In an indirect way, but the local pilotage commission exercised very great authority. Now that the local, pilotage system has been abolished, as minister I am assuming the responsibility and control of the pilotage system there.
Since the terrible Halifax catastrophe a court of inquiry was instituted by the Department of Marine and Fisheries. That court rendered its judgment, and I understand that all those who were held by this court of inquiry to be in any way blameable for the catastrophe are being dealt with at the present time before the court.
I read in the papers at the time the investigation was held that some people thought that the calamity might have been avoided if the pilot on the Mont Blanc had been able to speak with the crew on board the ship. I understand that the ship is a French ship, that the crew was French, that the pilot was English, that he could not speak any other language than English, and that there was therefore absolutely no possibility of communication between the captain and pilot of the ship as to the direction of the ship. I do not know if these are the facts, but if they are I might suggest that the minister send down to Halifax some French-speaking pilots who would take charge of French ships, in the hope that catastrophies like that might be avoided in the future.
I come from a sea-faring country, and I know a little bit about it.. If you send down from the St. Lawrence river French-speaking pilots to navigate the waters of Nova Scotia or the gulf of St. Lawrence, or any other place along the Nova Scotia coast, it would be suicidal-it would be out of the question altogether. You men from the St. Lawrence do not know anything about Atlantic navigation; you do not know anything about the game of seamanship. I am not saying this in a carping or critical spirit, but simply by way of suggestion, but I wish that you would withhold your hand from anything affecting Sydney or its pilotage system until you can get men accustomed to conditions in Sydney harbour to investigate the system that has prevailed there. Perhaps 1 am wrong in criticising. You may have used your very best judgment, but you have never steered a boat against a sou' west wind in Halifax harbour like I have done.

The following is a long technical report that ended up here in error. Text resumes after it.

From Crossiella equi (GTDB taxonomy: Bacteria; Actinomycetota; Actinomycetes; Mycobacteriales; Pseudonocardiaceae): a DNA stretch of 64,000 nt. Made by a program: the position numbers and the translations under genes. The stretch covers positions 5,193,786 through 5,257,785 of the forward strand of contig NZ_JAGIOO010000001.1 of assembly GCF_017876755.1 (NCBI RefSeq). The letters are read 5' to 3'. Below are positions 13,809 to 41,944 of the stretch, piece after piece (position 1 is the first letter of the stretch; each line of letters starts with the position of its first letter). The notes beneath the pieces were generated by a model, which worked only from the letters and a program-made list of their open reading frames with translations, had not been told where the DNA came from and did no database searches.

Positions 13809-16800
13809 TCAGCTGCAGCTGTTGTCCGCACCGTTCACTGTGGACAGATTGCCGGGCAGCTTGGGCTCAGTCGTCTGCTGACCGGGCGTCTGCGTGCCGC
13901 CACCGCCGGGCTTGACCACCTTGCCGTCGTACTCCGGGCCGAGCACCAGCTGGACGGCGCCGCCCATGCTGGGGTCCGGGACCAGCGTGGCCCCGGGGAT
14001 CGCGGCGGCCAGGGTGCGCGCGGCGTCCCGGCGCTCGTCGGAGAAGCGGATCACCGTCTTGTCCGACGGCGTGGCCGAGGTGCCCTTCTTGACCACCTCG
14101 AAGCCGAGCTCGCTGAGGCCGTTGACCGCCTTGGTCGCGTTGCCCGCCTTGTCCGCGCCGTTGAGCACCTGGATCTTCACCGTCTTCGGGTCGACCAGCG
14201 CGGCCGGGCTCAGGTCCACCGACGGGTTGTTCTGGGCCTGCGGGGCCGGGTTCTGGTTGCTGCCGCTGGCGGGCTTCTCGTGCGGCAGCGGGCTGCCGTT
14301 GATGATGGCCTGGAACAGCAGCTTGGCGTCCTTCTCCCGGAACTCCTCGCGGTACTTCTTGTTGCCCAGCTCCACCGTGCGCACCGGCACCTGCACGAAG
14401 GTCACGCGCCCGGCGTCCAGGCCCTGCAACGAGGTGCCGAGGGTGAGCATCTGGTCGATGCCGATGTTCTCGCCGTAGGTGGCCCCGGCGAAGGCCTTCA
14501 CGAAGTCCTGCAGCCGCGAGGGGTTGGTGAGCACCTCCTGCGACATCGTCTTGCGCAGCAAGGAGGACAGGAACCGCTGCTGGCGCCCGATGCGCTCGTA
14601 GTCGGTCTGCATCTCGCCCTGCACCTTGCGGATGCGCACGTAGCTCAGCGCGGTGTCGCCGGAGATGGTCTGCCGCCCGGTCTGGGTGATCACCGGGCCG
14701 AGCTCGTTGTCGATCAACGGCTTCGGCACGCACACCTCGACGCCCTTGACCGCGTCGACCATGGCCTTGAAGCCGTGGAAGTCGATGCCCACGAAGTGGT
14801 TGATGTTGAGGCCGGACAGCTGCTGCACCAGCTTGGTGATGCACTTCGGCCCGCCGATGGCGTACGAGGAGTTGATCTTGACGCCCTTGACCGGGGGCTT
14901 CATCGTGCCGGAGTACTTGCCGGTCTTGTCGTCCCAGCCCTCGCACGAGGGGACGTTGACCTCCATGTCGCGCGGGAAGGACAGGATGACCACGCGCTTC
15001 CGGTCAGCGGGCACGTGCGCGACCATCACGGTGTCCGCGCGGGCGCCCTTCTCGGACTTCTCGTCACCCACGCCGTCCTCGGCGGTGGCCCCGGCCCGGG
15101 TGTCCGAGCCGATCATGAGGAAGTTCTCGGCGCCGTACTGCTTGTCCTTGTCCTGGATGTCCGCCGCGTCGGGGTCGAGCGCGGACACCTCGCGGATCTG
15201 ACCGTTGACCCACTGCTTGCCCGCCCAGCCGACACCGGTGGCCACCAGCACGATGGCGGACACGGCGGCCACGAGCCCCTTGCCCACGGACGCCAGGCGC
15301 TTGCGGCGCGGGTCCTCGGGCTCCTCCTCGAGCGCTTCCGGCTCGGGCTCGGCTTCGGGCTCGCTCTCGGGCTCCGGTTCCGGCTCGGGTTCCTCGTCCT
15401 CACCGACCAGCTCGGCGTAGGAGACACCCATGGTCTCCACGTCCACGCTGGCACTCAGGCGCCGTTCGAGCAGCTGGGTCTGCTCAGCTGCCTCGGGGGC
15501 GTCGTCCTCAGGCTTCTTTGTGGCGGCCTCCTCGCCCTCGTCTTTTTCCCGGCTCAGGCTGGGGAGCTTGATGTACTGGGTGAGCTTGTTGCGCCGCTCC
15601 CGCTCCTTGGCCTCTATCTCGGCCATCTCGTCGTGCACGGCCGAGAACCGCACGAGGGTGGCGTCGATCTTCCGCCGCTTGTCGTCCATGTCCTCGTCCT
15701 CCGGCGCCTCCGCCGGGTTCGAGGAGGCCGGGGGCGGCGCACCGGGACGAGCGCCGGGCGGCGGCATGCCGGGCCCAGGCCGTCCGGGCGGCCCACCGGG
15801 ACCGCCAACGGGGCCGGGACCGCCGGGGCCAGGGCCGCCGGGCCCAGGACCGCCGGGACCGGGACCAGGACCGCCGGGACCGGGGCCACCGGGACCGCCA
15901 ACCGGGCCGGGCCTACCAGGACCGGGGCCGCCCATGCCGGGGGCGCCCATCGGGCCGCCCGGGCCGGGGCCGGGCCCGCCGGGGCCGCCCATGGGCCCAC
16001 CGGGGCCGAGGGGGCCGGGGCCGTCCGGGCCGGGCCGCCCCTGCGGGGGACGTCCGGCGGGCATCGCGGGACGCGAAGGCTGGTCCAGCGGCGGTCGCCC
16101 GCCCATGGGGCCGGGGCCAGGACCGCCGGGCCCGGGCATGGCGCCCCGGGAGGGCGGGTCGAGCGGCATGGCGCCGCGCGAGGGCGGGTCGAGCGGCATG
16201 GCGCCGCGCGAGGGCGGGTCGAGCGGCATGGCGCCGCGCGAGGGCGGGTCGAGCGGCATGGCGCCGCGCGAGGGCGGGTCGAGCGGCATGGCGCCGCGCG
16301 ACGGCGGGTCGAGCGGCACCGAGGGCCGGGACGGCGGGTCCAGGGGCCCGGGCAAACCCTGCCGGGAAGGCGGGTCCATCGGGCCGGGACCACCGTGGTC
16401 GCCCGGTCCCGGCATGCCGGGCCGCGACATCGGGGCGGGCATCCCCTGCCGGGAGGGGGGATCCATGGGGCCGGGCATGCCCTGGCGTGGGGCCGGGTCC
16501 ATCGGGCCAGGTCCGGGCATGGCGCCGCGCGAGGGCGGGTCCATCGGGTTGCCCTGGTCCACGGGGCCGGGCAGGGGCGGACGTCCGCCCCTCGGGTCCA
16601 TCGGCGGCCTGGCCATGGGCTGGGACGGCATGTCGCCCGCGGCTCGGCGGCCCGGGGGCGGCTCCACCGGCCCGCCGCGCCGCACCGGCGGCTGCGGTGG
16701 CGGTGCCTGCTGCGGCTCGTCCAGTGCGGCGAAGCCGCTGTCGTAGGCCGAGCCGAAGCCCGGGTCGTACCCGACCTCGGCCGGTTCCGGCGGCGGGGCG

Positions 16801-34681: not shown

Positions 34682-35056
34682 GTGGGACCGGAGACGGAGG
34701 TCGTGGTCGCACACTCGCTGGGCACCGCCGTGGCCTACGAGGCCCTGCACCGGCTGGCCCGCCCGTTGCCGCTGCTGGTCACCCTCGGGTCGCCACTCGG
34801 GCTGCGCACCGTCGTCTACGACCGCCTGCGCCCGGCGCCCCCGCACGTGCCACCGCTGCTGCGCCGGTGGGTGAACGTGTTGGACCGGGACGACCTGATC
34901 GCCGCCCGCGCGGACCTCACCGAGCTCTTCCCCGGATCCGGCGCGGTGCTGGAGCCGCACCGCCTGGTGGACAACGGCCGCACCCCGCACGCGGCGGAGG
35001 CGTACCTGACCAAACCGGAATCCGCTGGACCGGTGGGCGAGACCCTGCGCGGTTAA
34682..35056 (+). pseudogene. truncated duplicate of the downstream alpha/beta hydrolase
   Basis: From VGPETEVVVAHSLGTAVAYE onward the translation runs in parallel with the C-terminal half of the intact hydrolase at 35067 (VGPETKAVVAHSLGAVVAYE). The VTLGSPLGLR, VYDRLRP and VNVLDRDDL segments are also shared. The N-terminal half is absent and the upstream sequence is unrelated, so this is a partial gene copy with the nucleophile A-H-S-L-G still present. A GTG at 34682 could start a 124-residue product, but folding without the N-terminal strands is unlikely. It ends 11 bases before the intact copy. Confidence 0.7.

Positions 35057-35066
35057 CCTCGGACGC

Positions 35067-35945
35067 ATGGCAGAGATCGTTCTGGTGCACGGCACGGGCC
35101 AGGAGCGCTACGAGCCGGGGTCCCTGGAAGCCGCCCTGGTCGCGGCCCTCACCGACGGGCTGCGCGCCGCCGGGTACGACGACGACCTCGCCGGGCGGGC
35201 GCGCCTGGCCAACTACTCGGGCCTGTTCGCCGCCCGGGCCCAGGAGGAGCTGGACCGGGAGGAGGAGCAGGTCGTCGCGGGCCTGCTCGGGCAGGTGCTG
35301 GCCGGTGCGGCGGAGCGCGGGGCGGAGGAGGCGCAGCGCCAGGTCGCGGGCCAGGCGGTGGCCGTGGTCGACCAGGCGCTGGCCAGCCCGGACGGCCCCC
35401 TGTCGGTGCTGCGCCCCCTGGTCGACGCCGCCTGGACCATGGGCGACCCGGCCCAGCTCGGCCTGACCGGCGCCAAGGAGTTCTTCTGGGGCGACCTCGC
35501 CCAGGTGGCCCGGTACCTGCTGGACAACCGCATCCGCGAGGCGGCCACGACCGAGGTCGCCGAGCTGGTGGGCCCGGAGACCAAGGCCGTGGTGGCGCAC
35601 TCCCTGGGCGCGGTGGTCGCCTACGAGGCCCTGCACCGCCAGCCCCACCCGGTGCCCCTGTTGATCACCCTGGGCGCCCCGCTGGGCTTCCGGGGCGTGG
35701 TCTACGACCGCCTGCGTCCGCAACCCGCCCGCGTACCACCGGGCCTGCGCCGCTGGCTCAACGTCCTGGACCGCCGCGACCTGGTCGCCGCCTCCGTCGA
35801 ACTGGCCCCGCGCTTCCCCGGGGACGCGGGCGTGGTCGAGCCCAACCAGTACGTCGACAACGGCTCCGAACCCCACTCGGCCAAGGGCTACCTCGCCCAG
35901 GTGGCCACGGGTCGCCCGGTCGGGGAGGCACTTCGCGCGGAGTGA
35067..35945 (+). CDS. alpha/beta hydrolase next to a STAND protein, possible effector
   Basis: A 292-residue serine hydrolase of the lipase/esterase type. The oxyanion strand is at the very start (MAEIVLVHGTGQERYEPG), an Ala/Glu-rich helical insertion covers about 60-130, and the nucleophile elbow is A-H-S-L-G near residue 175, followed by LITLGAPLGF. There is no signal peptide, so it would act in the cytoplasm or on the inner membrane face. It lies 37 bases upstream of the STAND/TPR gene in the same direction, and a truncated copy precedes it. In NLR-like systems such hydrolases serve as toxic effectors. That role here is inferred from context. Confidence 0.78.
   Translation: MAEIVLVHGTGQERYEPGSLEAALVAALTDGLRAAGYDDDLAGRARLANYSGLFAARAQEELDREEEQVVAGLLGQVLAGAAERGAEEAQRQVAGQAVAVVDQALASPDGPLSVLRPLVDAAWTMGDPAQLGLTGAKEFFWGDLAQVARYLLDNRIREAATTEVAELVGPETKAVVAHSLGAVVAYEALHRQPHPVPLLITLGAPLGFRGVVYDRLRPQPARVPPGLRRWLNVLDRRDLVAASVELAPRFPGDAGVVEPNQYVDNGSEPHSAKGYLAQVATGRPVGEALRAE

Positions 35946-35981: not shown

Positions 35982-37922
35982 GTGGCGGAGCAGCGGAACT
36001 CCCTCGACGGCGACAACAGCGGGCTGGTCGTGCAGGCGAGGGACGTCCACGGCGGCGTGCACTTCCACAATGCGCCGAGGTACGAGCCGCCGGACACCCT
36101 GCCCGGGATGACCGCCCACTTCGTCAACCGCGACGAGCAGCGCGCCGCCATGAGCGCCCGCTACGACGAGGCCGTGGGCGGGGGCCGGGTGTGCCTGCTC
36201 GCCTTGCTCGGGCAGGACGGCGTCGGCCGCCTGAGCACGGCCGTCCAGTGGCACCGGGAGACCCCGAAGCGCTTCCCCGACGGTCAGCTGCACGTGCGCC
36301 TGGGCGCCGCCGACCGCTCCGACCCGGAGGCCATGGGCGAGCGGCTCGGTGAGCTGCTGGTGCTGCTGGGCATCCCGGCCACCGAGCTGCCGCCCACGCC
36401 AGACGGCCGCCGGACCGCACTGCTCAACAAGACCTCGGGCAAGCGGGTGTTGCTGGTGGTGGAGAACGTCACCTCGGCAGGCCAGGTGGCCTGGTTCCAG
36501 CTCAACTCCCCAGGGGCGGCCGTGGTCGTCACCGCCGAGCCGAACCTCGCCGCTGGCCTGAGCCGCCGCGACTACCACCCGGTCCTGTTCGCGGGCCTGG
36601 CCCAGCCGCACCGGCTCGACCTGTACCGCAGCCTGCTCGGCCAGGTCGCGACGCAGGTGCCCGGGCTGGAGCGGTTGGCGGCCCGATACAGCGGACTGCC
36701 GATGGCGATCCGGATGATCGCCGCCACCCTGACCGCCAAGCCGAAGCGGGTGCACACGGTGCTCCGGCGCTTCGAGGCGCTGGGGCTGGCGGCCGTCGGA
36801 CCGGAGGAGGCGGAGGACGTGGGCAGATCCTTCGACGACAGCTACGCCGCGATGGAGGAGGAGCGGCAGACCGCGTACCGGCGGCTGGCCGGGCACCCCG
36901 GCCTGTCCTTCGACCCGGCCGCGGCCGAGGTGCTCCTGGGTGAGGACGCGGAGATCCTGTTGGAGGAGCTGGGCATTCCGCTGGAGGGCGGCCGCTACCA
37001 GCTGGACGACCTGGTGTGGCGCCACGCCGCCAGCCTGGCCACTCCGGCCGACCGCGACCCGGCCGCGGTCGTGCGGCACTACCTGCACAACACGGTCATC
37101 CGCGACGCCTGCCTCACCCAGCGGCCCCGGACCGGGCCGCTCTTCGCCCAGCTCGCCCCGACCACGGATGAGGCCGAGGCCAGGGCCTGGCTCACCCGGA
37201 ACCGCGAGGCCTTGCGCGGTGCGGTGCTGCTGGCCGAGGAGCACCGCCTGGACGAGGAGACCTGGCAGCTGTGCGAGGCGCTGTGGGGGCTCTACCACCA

I know some little thing about navigation in Sydney harbour and the Cape Breton coast, and I am giving it to you now in the very best spirit and asking 'you to take the advice of some of the Cape Breton mariners as to how they would navigate that coast before you lay sacriligious hands upon the pilotage system there.
I can assure the hon. member (Mr. Butts) that every consideration will be given to the suggestion which he hais made. One who has had the experience that he has informed us he has had, is at all times worth listening to, and everything that he has stated will be given very careful consideration. In answer to the suggestion of the hon. member (Mr. Cannon) about French pilots at Halifax, I am not in a position to know whether there are any there or not. But we all know, especially we of the English-speaking race, that the French people ispeak one language equally as well as the other, and if there are any qualified French Canadian pilots down there, and I can find them, 1 certainly shall see that they are sent.
Where are these repairs to be made to wharves, because I see on another page of the estimates, under the heading of " Public Works Chargeable to Income," a great many appropriations made for different wharves and' (breakwaters, and repairs to wharves and breakwaters, in the different provinces.
This vote is asked particularly for Thunder bay. There is an area of 27 miles of ice which has to be broken up every spring and that will explain why the vote is as large as $40,000. If there are any other nearby points that require the services of an icebreaker this vote will apply to them. That is what we mean by " other points "-points adjacent or close to Thunder bay.
Is that in connection with the ship channel? I understand there was a telephone system between Montreal, Quebec, and, perhaps, points lower down the St. Lawrence.
Mr. BALLANTYNE.: This vote is asked in case there may be some isolated station where we would need to install a telephone. As a matter of fact, we have never spent any money during the last three years under this vote, but it is just by way of precaution that we are asking that the amount be voted.
If, without any additional cost, the department could at isolated points like the Magdalen islands, allow the public to connect with the main line, would the department object to that? I have received many letters of late from the islanders, and as they have not telegraphic communication, and as they have to travel quite a distance, sometimes at considerable loss of time and sometimes at considerable danger crossing the lagoons on the islands, they say that if they had the privilege of a telephone line it would give them moTe comfort in carrying on their business, and would be of more convenience for the community at large.
telephone lines belongs to the Department of Public Works, -and when the estimates of that department are up I am sure that the minister (Mr. Carvell) will give the matter consideration if the hon. member will bring it to his attention.
with the condition of things on the Magdalen islands. The Marine Department has a station on each of these islands, and it is true that there is a telephone line on the Magdalen islands. I -am not sure whether it is controlled by the Public Works or the Marine Department.